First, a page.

“There are only four kinds of people in the world—those who have been caregivers, those who are currently caregivers, those who will be caregivers, and those who will need caregivers.”

Saturday, September 19, 2009

Wonder Woman's Bracelets

At the end of the day
It’s your bracelets I want.
Not your hair
Or silly headband
Not the girdle
Belting your abs of steel.
Not even your courage
But the bracelets?
Yes, the bracelets
that can stop death.

Tuesday, September 15, 2009

Patrick Swayze

The news that Patrick Swayze has died makes me so sad. Like many people I loved him in Dirty Dancing and loved that he was a handsome but not quite classic handsome guy. And then over the past 20 months we were pulling for him even knowing that his cancer was bad and that his time was short. Watching his fight to work and love while undergoing fierce treatment made him all the more admirable and yes, manly. Prayers for him and for his family. And in his honor today let’s put on the music and dance.

Wednesday, September 9, 2009

Colonoscopy Done

All done and happily at home. Still a tad woozy from the magnificent drugs. (No wonder Michael Jackson had his own.) Results were fine. Doctor was great. Karma: It was John’s doctor.

Here’s my lesson though: One of my real fears was that I might have colon cancer as a kind of punishment for this relationship. Ok, I know that I say I believe in a loving God, but at times like this I must really have a mean Old Testament God lurking somewhere inside my belief system.

Other cancer caregivers have you had these kinds of fears about your health?

For the rest of today I just say thank you to that and all other gods and look forward to a lovely chicken breast and baked potato for supper.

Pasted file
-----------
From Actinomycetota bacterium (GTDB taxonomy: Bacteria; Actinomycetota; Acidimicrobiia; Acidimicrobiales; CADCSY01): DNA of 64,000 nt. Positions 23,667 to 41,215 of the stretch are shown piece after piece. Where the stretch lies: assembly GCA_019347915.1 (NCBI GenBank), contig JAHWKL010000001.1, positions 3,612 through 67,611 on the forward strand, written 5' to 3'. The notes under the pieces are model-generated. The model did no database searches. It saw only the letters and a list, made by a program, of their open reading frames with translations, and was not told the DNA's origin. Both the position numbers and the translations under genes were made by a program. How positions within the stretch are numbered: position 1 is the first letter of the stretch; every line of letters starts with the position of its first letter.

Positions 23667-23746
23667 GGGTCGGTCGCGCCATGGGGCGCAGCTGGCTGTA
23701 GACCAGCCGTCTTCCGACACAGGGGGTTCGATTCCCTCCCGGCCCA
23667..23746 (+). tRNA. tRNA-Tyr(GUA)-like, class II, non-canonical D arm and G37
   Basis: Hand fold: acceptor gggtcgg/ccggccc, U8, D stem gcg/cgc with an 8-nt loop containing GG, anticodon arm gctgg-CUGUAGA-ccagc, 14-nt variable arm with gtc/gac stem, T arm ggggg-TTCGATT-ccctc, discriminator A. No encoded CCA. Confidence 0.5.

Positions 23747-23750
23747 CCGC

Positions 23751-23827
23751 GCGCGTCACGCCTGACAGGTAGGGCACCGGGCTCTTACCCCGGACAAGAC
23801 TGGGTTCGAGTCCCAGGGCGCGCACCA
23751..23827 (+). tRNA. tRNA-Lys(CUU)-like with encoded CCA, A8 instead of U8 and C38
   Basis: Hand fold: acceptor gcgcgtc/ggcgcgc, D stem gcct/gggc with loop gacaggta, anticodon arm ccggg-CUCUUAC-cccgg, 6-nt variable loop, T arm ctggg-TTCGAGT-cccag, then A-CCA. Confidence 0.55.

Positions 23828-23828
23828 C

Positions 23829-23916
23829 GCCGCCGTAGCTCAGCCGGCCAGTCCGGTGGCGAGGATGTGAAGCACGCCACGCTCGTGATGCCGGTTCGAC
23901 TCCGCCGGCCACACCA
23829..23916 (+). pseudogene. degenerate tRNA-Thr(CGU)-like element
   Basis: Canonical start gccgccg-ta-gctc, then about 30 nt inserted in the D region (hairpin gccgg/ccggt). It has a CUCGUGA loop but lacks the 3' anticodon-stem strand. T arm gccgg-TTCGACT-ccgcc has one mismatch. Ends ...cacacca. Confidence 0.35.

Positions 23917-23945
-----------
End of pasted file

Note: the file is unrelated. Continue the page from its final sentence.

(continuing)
Tonight at 8pm Obama speaks to Congress on healthcare. That too is part of Love and Cancer. Let’s listen in at 8PM.

Tuesday, September 8, 2009

Colonoscopy Mine

It’s 6:30. Normally dinner time but tonight I am drowning in 64 ounces of peach flavored Vitamin Water and Miralax. Yes I am doing it. I am –finally—having my colonoscopy tomorrow. So it’s prep time: Four Ducolax and a big bottle of Miralax with the once a favorite now doomed to bad associations, peach flavored water.

I’m more than halfway there but I made a terrible mental calculation. When I read that I needed to drink 8 ounces every fifteen minutes my brain told me that was four glasses. Yes, you see why I am a writer and not a scientist? Do the math I did not do—it's way more than four glasses.

Ok, I’m back now…uh huh, the stuff is working. I put the new Vogue in the bathroom and –I’ll be wanting to change this—“Gourmet Rhapsody”—the new novel by Muriel Barbery—she wrote the amazing book “The Elegance of the Hedgehog” but the new book is about the food critic from Hedgehog and yes about food. Food! Foood! Oh God food! I swear I’ll never drink peach Vitamin Water again and will I ever want to eat food again. Be right back….

So yes I am doing this thing that I have put off. And no the issue is not this prep and it’s not the procedure. Look up my bum all you want. (Truth: I will shave my legs tonight and use self-tanner—so what if I’m unconscious—I’m naked and I’m vain.)

No, the real issue is what happens after the procedure. In an instant I can be back in that miserable little curtained partition with John—now almost two years ago—and the doctor’s words, “you have a problem.” I really do like that he did not say “we..” He was clear about that; he said “YOU have a problem.” Then he used the words “growth” “cancer” and “surgeon”. The rest is history and the rest is on this blog—(if you joined us late go back to the early entries.) John had no symptoms and no problems. We were planning to go out to lunch but instead we went to a surgeon and went home to make a million medical phone calls.